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  8. [...] Montz wrote a blog post about some­thing that has both­ered me for a while. He asks the ques­tion: What is the dif­fer­ence between a “lib­eral” and a [...]

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  9. Posted by terry on September 23, 2011 at 12:04 pm

    this makes no sense this is a dumb web site

    Reply

  10. [...] Montz wrote a blog post about something that has bothered me for a while. He asks the question: What is the difference between a “liberal” and a [...]

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  11. Posted by Bryan on January 5, 2012 at 6:03 pm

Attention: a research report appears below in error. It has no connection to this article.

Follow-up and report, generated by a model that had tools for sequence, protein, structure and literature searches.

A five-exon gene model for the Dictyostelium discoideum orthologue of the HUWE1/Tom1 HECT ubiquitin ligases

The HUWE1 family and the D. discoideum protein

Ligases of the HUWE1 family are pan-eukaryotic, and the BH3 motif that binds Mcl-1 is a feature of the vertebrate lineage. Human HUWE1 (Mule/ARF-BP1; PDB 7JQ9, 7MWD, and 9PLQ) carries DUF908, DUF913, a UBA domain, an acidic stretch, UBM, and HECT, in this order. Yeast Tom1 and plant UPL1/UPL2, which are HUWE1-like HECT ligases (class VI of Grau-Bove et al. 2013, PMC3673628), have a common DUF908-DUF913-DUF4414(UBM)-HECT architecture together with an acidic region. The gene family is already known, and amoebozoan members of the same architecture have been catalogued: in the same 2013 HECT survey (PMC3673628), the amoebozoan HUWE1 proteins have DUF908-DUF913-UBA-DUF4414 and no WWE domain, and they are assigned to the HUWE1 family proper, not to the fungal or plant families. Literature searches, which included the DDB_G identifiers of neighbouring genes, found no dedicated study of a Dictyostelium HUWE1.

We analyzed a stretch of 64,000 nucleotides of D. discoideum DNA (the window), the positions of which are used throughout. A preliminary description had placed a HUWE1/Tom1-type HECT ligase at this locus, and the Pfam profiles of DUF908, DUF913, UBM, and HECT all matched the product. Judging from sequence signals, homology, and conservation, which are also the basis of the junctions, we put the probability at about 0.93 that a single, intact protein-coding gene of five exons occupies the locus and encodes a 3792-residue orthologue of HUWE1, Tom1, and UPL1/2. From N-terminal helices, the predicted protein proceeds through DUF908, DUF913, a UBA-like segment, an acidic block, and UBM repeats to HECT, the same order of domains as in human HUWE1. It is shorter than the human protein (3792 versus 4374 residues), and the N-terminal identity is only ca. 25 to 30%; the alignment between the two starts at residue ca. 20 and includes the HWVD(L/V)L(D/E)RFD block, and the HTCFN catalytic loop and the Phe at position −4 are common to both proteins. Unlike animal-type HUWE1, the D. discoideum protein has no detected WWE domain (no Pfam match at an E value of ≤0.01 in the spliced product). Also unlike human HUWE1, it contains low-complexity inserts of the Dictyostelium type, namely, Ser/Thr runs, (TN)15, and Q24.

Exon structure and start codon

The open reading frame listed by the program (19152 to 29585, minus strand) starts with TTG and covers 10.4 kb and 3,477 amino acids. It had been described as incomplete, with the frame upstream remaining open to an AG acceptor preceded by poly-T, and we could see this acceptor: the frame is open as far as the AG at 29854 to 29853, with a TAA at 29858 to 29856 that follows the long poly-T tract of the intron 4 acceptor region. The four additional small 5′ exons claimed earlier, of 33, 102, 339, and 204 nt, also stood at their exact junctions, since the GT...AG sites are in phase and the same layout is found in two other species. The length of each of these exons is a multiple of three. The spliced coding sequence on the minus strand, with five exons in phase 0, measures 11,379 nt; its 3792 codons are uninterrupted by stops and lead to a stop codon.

This is a useful website. Thanks for the information, guys. To review:

    Liberals-
    The Constitution is flexible.
    Turn more power and responsibility to the US Government.
    The government has additional authority over what the Constitution says.
    Government will goes.

    Conservatives-
    Return additional powers to the states and citizens.
    Don’t stray from the US Constitution.
    Preserve the dominant national values.
    Free will of the individual is right.

    Reply

  12. Posted by jon on October 20, 2012 at 2:46 pm

    bryan’s comment is easiest to understand.

    Reply

  13. I’ve read several just right stuff here. Definitely worth bookmarking for revisiting. I wonder how much effort you set to create this kind of magnificent informative site.

    Reply